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Bahrain’s Potential Domino Effect in the Persian Gulf

On my first nighttime visit to Pearl Square I couldn’t help but notice the immense number of youth amongst the huge gathering of tens of thousands of people in the midst of an atmosphere of joy and victory. University students and teenagers who were able to organize themselves by resorting to the latest trend of social media in the Arab world told me that what they were demanding were basic rights and equality.

What I also noticed is that this is not something related to religion or an attempt to create some kind of wilayat al-faqih Shiite rule. Many of the women and teenage girls participating are not headscarfed and some participants are members or supporters of the leftist movements (one of the three main opposition parties is the leftist Waad society led by Sunni figure Ibrahim Al-Sharif).

As I noted above, the main demands of these people were about being granted civil rights. However, take note of the word “were”: now many of these protesters say they will not settle for anything less than the ouster of the regime including King Hamad Bin Issa following the bloody events of Thursday morning when the army and police opened fire on the civilians who were asleep in Pearl Square. The attack on the protesters by the army is related to the fact that Bahrain is the first country in the Persian Gulf to witness such protests.

The decision to spill the blood of protesters was not an independent Bahraini decision but one that also involved other Persian Gulf states, most notably Saudi Arabia, which is a close ally to the ruling Khalifeh family in Manama. The Saudis and even other states fear the domino effect Bahrain could have in the Persian gulf where the lack of rights and discrimination is common (take note of Saudi Arabia and the discrimination towards the Shiite population there).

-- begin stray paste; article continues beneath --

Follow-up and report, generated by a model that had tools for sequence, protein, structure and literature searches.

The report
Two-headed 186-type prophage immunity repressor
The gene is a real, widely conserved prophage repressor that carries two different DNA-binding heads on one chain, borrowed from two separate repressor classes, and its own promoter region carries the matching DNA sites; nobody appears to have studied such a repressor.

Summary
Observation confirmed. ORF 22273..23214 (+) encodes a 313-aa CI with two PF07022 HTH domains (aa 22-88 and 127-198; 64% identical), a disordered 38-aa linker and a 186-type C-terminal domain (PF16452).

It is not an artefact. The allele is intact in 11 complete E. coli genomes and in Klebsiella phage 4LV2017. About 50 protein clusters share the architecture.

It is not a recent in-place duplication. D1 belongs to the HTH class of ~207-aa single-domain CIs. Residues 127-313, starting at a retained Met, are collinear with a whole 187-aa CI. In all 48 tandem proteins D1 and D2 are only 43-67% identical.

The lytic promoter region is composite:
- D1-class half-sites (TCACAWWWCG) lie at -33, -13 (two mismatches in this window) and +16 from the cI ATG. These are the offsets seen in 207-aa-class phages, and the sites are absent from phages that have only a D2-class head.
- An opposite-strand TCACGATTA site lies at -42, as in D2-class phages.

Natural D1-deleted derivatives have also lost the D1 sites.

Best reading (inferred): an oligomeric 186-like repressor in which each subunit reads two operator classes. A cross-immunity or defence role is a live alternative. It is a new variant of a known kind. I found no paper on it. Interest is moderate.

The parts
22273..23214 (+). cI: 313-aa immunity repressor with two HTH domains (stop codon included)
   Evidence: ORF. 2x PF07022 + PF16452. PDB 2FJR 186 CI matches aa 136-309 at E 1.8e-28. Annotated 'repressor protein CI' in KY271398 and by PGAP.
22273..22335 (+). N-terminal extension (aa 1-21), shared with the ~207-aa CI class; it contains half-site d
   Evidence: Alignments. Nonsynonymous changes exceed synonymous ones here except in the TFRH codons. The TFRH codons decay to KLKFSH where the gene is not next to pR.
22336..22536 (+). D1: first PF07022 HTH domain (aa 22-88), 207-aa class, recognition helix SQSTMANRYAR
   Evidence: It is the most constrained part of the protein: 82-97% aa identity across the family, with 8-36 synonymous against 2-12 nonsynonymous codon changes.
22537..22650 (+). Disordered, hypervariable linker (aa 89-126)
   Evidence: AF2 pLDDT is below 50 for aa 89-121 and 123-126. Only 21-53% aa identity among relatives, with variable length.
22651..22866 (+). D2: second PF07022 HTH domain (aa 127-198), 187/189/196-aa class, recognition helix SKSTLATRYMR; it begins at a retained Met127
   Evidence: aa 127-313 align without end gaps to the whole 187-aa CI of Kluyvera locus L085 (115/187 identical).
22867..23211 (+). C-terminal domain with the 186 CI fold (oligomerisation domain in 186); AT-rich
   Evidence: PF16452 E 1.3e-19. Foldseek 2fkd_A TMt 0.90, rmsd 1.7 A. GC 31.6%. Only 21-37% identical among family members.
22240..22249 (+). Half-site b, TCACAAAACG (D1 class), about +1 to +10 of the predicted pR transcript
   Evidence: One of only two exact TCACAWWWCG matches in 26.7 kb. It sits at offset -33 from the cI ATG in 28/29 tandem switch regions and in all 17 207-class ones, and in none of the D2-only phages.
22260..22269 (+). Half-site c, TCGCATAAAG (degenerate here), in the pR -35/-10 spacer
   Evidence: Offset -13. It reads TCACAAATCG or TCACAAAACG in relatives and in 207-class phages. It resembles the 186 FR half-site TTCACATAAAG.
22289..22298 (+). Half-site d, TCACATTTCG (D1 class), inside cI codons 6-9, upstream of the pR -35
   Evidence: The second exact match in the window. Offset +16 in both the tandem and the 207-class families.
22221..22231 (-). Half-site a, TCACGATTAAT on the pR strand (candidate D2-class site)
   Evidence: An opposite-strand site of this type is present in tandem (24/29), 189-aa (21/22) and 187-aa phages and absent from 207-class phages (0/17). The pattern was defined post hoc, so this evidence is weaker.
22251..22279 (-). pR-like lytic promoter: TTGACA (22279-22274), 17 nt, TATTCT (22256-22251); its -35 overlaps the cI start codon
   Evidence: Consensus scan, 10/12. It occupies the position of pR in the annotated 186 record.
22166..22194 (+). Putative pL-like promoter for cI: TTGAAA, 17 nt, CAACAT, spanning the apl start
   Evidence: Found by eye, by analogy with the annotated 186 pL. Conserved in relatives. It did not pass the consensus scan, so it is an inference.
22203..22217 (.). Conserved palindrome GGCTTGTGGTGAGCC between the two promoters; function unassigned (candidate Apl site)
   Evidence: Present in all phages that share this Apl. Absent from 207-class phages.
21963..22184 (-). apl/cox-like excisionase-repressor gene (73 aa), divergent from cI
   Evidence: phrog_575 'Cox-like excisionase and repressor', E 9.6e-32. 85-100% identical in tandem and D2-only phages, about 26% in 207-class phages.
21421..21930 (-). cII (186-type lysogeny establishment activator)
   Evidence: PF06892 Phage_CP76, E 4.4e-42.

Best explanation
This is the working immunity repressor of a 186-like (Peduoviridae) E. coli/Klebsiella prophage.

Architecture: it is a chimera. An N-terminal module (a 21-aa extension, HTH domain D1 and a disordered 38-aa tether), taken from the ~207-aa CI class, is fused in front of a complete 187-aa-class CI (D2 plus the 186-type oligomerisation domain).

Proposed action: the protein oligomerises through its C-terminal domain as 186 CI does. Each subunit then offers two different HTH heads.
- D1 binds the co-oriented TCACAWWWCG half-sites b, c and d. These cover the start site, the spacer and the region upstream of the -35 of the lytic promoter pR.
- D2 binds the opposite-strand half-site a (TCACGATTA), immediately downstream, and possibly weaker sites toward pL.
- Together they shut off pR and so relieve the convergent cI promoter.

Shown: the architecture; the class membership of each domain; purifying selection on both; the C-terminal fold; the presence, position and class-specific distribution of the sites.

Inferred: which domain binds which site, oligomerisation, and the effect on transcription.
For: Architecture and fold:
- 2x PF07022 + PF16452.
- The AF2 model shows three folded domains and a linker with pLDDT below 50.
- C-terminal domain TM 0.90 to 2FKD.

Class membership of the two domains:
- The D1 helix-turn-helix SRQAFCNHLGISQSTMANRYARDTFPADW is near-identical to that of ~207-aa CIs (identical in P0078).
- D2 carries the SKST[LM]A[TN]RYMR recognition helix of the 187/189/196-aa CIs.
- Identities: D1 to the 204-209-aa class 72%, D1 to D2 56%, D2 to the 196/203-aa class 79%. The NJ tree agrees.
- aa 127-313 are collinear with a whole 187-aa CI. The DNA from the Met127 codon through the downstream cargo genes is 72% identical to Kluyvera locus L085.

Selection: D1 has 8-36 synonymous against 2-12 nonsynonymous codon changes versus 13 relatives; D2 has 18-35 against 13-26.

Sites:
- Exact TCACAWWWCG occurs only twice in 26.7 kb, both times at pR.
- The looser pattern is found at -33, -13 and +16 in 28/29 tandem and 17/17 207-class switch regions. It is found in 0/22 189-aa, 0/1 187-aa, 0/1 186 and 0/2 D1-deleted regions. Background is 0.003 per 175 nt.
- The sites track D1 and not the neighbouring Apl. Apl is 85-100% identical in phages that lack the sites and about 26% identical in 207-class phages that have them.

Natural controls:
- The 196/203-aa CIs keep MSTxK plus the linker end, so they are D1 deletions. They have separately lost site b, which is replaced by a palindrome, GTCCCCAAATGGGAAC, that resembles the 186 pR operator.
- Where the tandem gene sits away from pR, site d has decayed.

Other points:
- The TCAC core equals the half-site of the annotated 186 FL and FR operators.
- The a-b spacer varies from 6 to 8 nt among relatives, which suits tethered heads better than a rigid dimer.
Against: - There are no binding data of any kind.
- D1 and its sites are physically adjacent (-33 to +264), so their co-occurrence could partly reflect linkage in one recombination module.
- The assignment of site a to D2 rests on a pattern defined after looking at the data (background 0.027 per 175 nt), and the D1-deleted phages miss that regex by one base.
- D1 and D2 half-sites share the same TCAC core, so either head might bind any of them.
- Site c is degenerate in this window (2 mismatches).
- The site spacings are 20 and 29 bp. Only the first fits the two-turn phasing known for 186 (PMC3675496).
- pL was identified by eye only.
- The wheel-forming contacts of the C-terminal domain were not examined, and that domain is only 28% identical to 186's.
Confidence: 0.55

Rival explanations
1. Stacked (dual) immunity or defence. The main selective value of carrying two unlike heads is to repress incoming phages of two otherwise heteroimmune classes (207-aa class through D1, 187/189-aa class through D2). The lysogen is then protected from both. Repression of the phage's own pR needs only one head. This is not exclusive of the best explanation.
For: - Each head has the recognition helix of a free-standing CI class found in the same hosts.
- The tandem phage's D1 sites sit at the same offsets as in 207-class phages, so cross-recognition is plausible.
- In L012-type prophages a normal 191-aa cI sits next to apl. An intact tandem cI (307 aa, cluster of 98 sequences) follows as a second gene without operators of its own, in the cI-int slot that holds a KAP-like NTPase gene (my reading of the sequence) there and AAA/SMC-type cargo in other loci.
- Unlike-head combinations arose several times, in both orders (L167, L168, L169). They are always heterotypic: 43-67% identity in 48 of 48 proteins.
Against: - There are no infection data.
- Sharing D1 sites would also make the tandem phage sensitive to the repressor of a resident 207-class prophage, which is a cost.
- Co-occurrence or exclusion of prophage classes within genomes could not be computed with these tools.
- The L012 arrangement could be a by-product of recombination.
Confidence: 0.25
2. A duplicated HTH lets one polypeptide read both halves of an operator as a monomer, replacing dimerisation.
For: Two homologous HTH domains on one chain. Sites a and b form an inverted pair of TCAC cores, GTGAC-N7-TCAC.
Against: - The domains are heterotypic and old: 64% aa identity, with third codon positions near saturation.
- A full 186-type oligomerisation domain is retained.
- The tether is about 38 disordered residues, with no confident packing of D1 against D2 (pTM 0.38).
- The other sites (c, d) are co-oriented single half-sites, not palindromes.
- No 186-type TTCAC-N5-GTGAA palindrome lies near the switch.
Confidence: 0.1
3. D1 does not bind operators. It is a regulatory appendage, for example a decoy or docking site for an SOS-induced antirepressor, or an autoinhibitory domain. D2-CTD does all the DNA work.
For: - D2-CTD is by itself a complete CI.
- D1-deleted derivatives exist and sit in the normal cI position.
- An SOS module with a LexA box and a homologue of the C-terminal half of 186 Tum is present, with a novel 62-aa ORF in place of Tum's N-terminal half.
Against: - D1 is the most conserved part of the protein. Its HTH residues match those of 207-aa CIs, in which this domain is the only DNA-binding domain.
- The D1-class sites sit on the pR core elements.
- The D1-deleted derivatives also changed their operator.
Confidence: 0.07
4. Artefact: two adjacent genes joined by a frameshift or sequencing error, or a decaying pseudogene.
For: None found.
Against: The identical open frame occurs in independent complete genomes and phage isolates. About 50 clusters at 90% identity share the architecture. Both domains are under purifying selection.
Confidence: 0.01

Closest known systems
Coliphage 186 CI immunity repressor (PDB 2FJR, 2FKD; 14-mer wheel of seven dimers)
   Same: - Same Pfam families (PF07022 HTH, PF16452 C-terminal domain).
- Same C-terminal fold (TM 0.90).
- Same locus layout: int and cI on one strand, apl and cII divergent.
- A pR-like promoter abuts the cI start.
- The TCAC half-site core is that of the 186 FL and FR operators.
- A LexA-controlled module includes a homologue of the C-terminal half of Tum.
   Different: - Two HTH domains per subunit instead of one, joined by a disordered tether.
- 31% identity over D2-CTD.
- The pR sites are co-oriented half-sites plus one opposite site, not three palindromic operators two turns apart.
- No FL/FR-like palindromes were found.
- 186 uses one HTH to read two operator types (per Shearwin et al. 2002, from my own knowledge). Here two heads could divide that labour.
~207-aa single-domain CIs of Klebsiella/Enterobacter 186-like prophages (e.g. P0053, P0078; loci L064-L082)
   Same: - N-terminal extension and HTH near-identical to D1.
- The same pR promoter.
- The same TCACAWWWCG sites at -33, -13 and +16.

However the reaction of the Bahraini protesters to the crackdown and their returning in huge numbers to Pearl Square should send a clear message to other Persian Gulf countries that violence will not settle the situation. What must also be clear is that these societies speaking out against discrimination are doing so out of frustration due to the absence of rights and not out of religious enmity (even if those being discriminated against are Shiites).

So other regimes in the Persian gulf would do well to begin with real reforms that get rid of discrimination instead of walking on a path which will lead to people insisting that only a revolution and an ouster of the regime will give them their civil rights.


This article was first published in Moqawama.org (the official Web site of the Islamic Resistance in Lebanon) on 21 February 2011; it is reproduced here for non-profit educational purposes. See, also, “Bahrainis Won’t Budge from Martyrs’ Roundabout, Friday the Big Day” (Al-Manar TV, 23 February 2011).

 

 

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